• General Best Practices
Tech Tuesday Episode 5: Why should you have both a mobile app and responsive website?
Andrew Martin

Tech Tuesday is a vlog series for directors of technology at schools and districts. Finalsite's sales engineer Rob Rawcliffe and our recent cybersecurity grad Cristina Pawlica will discuss a variety of topics in education technology every other week. In this episode of Tech Tuesday, Cristina and Rob discuss an important question: Why should your school or district have both an app and responsive website? Watch or listen to the video below to learn about the unique benefits of both a mobile app and responsive website, as well as how the two can come together to provide even more powerful ways to connect your school or district community.

Cristina Pawlica:
Hi, and welcome to Tech Tuesday, a video series for directors of technology working in education. My name is Cristina. I've been with Finalsite for two years now and recently graduated from Denver University with a Master's in Cybersecurity. I'm here with Rob Rawcliffe, our resident expert in all things tech. Rob?

Rob Rawcliffe:
Hi, everybody. My name is Rob Rawcliffe. I've been with Finalsite for eight years now, and before that I worked in a high school in Connecticut, private high school, and before that I worked at a private boarding school for middle school. And so that did me quite well, technology-wise, learning things to give me the tools to use in this job.

Cristina Pawlica:
Awesome. And Rob is very generous in sharing his experience with us here at Finalsite and is also able to apply those to you and what you're going through now. As you know, Finalsite is all things websites for schools. But today we're going to be discussing the question: What's the benefit of having an app if my website is already mobile responsive? So first, what does it mean to have a responsive website?

Rob Rawcliffe:
So, a responsive website is really something that has kind of matured over the last few years. There used to be a time where you had a mobile site, sorry, where you had a site, and then you had an app as kind of a companion to the site. Now, the technologies have got to the place where really you can have one site, and it's going to look pretty much the same, no matter what device it's on. It's just going to stack, and it's going to change a little bit depending on the device. So we've really got to the stage now where you can collapse your window smaller, and smaller, and smaller, and really reflect what kind of screen size you're looking at. And that design should collapse, and all the information should still be on there, it just may be in a little bit different format. So, responsive design is really about having a design that collapses and looks good on any kind of screen.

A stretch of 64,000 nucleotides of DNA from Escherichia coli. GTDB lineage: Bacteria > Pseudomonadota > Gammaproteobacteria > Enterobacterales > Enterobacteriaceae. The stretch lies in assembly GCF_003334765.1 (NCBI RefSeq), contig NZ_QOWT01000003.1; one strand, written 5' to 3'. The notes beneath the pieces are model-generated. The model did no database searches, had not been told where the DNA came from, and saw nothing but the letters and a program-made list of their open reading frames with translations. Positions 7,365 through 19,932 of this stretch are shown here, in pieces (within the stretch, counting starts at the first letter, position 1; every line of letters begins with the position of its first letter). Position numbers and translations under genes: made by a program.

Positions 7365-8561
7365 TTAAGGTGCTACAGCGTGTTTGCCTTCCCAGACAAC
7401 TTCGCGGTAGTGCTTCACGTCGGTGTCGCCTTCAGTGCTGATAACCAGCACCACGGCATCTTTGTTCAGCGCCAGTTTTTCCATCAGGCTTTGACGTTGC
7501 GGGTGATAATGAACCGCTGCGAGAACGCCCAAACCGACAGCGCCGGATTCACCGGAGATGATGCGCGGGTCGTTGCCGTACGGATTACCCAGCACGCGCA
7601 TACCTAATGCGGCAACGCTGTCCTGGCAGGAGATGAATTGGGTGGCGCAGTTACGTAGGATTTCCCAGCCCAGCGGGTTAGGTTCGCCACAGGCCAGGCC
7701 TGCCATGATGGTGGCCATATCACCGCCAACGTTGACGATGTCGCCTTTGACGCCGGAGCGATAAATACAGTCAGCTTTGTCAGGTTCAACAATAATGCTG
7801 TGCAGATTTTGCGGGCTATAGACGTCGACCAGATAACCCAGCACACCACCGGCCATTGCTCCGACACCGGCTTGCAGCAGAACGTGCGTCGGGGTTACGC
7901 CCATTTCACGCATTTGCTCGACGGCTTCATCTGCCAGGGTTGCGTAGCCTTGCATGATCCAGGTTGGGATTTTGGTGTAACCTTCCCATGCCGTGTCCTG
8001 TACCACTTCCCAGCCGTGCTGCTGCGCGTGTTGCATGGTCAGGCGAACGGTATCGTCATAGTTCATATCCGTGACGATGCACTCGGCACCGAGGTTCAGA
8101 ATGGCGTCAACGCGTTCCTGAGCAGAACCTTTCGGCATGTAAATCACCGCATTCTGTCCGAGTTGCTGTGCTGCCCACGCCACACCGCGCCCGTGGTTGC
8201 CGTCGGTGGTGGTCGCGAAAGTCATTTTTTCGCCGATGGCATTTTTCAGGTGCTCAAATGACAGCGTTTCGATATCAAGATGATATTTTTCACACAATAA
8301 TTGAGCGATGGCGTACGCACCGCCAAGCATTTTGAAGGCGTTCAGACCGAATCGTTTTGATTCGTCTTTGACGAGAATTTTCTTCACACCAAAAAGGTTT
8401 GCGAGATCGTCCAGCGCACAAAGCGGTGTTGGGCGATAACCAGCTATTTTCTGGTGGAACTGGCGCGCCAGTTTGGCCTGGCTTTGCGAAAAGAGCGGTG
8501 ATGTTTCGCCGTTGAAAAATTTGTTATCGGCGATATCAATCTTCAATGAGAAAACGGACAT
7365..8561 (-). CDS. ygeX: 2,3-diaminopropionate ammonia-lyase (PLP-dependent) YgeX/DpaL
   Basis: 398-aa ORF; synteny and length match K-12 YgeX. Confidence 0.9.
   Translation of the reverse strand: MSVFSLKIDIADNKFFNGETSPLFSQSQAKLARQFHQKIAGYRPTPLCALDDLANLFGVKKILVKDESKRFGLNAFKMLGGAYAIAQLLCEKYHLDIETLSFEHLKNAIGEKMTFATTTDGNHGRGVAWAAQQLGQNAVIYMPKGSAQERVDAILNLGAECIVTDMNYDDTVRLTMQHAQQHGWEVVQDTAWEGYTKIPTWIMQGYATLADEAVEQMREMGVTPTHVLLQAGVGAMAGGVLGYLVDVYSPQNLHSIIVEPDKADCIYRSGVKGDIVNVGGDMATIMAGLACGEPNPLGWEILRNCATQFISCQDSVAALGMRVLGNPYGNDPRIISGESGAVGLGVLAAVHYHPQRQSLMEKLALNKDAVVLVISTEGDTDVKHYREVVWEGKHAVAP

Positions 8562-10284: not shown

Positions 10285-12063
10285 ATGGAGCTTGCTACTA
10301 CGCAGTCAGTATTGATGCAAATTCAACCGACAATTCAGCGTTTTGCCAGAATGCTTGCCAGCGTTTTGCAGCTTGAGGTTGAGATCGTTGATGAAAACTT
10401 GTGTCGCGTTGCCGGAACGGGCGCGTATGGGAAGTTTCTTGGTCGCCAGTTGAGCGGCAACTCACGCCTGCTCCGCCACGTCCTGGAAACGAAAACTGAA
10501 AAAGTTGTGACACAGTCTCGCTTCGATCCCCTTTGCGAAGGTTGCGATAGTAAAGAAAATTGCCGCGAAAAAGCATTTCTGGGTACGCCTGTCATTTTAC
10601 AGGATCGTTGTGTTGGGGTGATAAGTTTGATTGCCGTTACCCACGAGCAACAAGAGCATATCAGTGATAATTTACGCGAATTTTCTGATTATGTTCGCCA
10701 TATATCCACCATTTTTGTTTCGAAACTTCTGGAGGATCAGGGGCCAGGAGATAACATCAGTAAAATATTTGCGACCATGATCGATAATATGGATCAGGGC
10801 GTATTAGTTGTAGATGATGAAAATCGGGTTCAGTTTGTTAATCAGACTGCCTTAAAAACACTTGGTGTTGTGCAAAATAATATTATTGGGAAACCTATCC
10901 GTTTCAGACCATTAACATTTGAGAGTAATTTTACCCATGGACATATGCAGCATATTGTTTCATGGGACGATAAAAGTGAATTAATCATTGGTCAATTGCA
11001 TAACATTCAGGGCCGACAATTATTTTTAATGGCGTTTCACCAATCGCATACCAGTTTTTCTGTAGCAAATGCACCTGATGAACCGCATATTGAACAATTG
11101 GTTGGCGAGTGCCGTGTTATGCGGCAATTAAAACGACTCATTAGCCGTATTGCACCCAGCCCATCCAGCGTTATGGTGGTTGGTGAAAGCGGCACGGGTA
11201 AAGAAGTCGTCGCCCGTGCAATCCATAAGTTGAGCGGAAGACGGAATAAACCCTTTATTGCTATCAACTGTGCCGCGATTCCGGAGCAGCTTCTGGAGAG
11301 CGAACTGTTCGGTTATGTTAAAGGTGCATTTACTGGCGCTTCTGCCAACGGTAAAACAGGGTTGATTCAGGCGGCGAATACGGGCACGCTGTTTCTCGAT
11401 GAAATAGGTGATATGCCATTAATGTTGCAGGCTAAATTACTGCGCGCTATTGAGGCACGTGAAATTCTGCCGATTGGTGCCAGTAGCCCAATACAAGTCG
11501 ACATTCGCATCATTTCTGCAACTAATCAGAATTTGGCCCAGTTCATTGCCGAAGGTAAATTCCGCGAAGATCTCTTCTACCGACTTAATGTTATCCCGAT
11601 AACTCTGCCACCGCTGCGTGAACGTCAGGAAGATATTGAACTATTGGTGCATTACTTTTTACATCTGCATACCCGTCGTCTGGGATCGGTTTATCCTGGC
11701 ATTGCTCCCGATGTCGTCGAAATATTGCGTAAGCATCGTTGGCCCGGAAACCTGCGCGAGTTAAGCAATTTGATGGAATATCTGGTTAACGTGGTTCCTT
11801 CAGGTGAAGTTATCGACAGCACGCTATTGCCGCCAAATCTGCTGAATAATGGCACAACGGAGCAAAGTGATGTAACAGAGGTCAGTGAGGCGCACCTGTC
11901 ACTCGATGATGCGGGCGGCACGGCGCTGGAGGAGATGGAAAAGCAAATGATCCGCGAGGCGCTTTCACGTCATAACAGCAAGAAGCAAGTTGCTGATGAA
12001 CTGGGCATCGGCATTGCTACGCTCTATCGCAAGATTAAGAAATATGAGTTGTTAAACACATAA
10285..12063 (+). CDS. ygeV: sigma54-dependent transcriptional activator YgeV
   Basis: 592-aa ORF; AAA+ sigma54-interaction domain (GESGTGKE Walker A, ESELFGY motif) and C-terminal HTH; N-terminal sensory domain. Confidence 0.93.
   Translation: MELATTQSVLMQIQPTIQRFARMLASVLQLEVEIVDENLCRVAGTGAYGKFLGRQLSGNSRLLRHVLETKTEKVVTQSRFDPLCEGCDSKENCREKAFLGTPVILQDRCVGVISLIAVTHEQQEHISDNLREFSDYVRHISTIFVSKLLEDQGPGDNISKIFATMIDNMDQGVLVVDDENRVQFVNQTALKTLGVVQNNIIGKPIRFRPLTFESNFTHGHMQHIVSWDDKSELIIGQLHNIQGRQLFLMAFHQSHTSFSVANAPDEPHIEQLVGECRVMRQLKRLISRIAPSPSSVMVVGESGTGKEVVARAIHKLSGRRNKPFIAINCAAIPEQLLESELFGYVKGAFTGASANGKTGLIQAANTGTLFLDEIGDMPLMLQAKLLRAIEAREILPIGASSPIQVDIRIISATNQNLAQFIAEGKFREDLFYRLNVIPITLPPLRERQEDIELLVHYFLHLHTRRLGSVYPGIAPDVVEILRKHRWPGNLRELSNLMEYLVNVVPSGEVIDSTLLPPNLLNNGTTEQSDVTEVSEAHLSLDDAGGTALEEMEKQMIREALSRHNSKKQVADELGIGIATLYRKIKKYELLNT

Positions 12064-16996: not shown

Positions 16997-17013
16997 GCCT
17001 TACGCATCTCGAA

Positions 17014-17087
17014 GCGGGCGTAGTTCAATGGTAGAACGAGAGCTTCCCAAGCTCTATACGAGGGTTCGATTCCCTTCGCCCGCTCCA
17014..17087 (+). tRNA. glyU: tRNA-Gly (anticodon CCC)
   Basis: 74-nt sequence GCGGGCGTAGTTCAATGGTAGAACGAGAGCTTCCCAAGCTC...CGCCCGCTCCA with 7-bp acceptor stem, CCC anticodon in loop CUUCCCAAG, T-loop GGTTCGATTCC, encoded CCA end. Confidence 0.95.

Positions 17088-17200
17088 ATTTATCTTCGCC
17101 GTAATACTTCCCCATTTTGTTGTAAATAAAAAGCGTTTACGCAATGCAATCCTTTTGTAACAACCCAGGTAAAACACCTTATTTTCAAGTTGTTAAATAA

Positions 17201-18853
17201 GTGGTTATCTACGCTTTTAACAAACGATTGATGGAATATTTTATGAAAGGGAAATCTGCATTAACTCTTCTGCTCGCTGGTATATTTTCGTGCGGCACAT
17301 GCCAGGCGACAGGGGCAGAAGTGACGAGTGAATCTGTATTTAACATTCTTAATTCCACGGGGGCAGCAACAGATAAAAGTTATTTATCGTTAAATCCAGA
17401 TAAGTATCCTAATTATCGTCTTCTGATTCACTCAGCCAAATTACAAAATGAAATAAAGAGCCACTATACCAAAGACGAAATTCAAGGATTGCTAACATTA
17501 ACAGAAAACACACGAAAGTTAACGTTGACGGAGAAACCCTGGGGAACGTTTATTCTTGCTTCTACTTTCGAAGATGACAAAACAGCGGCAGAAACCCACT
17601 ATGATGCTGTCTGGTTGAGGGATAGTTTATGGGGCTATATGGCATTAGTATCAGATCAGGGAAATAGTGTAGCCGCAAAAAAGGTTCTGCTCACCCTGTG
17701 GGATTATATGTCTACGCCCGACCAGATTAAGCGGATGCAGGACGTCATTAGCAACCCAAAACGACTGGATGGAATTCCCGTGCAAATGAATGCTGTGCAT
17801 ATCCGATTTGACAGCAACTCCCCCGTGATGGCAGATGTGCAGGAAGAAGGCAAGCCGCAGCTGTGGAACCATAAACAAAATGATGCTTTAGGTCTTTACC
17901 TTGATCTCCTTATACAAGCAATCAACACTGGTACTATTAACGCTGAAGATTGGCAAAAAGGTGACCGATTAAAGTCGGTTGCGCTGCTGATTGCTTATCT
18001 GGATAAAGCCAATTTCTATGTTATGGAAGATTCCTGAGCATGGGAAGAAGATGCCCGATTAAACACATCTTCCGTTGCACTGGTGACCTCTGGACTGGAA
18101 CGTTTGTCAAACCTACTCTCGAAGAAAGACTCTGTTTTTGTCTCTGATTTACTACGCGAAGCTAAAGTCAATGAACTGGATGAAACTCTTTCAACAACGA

Cristina Pawlica:
So, if a school has a responsive website, why would a school consider also having an app?

Rob Rawcliffe:
An app nowadays, some schools, we definitely hear that they want apps because they've always had an app, and they want to keep having an app. And that's fine, it is a great companion to the website. But nowadays you're seeing clients and school districts, private schools, they're really looking at apps as a very specific niche market, maybe for looking at grades, or maybe for a portal, or maybe for your LMS, something like that. It's usually a very specific purpose.

Rob Rawcliffe:
So nowadays we're seeing, with our clients, it's really more of a communication tool and getting the information into the hands that you may see. So in most cases, things like your lunch menu, your calendars, athletic events. Those are things that people are going to the website most often for, so it makes sense to have those in an app because that way it really puts that information at the tip of your fingertips. It still really shouldn't replace your website, and it shouldn't be instead of your website. It really is in addition to, and it's really for a specific group of constituents within your community.

Cristina Pawlica:
So if the mobile app is really for your internal communications and your internal constituents, is it fair to say that the website is best used to, or oriented towards, your community and prospective families in outside communications?

Rob Rawcliffe: